Weakened but still potent, Barry has inundated the Gulf Coast but appeared unlikely to deluge New Orleans as it continued its slow advance.
Still, Louisiana Governor John Bel Edwards on Saturday night urged residents across south Louisiana to stay "vigilant", warning that Barry could still cause disastrous flooding across a wide stretch of the Gulf Coast overnight.
"This storm still has a long way to go before it leaves this state," Edwards said. "Don't let your guard down."
New Orleans had been braced for heavy rains Saturday, but instead had intermittent bands of moderate showers and occasional sunshine.
Though Barry will continue to dump rain throughout the weekend, forecasters downgraded rainfall estimates for the city through Sunday to between 5 and 10 centimetres.
Forecasters had earlier said New Orleans could get up to 50cm of rain, raising concerns that water pumps strengthened after Hurricane Katrina would be overwhelmed.
National Weather Service forecaster Robert Ricks cautioned, however, that it was too early to say for certain that New Orleans was in the clear.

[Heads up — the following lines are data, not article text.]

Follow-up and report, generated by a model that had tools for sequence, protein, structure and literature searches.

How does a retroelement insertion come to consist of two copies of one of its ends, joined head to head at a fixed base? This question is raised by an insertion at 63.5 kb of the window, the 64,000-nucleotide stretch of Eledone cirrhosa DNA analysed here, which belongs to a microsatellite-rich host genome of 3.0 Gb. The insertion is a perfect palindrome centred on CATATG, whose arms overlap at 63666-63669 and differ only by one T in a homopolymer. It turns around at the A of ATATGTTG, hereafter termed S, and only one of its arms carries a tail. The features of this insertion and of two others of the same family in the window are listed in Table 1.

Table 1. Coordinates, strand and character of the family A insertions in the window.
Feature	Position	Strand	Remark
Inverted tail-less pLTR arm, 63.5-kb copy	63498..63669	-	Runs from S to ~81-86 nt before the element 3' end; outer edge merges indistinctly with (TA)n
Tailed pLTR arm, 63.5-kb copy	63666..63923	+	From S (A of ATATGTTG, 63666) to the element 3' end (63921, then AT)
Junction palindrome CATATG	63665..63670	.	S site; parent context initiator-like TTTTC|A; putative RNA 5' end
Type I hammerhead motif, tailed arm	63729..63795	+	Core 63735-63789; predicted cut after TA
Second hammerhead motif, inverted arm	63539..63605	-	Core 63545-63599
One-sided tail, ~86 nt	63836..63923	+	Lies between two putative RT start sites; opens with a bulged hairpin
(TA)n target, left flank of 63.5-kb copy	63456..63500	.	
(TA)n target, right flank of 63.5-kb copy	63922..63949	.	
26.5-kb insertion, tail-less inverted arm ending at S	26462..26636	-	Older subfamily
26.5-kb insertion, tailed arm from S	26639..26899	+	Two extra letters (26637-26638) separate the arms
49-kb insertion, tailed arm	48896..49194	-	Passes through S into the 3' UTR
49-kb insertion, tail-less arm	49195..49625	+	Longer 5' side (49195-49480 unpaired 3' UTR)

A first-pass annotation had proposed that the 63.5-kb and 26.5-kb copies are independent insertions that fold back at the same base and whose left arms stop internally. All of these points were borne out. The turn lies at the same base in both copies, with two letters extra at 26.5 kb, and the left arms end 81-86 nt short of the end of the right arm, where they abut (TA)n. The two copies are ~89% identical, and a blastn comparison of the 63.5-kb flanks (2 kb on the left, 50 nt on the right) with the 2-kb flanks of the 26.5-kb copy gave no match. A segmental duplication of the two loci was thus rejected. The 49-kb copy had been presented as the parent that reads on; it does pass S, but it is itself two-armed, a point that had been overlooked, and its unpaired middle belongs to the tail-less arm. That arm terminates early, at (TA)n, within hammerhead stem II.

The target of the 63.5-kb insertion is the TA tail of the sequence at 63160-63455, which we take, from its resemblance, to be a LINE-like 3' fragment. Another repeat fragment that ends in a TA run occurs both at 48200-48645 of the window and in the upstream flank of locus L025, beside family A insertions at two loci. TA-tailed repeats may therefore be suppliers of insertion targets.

"We're about at the (halfway) mark of the marathon right now," he said Saturday evening.
Heavy rainfall from the storm would be concentrated overnight in a wide area centred around Lafayette, he said.
The city is about 193km west of New Orleans.
Late Saturday night, authorities were trying to rescue a family of five who was trapped by high water in the south Louisiana town of Franklin, according to KTBS-TV.
The National Guard had to halt its initial rescue mission because waters were too high to safely reach the family's home. Franklin is about 64km southeast of Lafayette.
In other parts of Louisiana on Saturday, Barry flooded highways, forced people to scramble to rooftops and dumped heavy rain, as it made landfall near Intracoastal City, about 257km west of New Orleans.
Downpours also lashed coastal Alabama and Mississippi.
After briefly becoming a Category 1 hurricane, the system weakened to a tropical storm, the National Hurricane Center said.
By late Saturday night, its maximum sustained winds had fallen to 80km/h.
Coast Guard helicopters rescued a dozen people and two pets from flooded areas of Terrebonne Parish, south of New Orleans, some of them from rooftops, a spokeswoman said.
Those rescued included a 77-year-old man who called for help because he had about 1.2 meters of water in his home.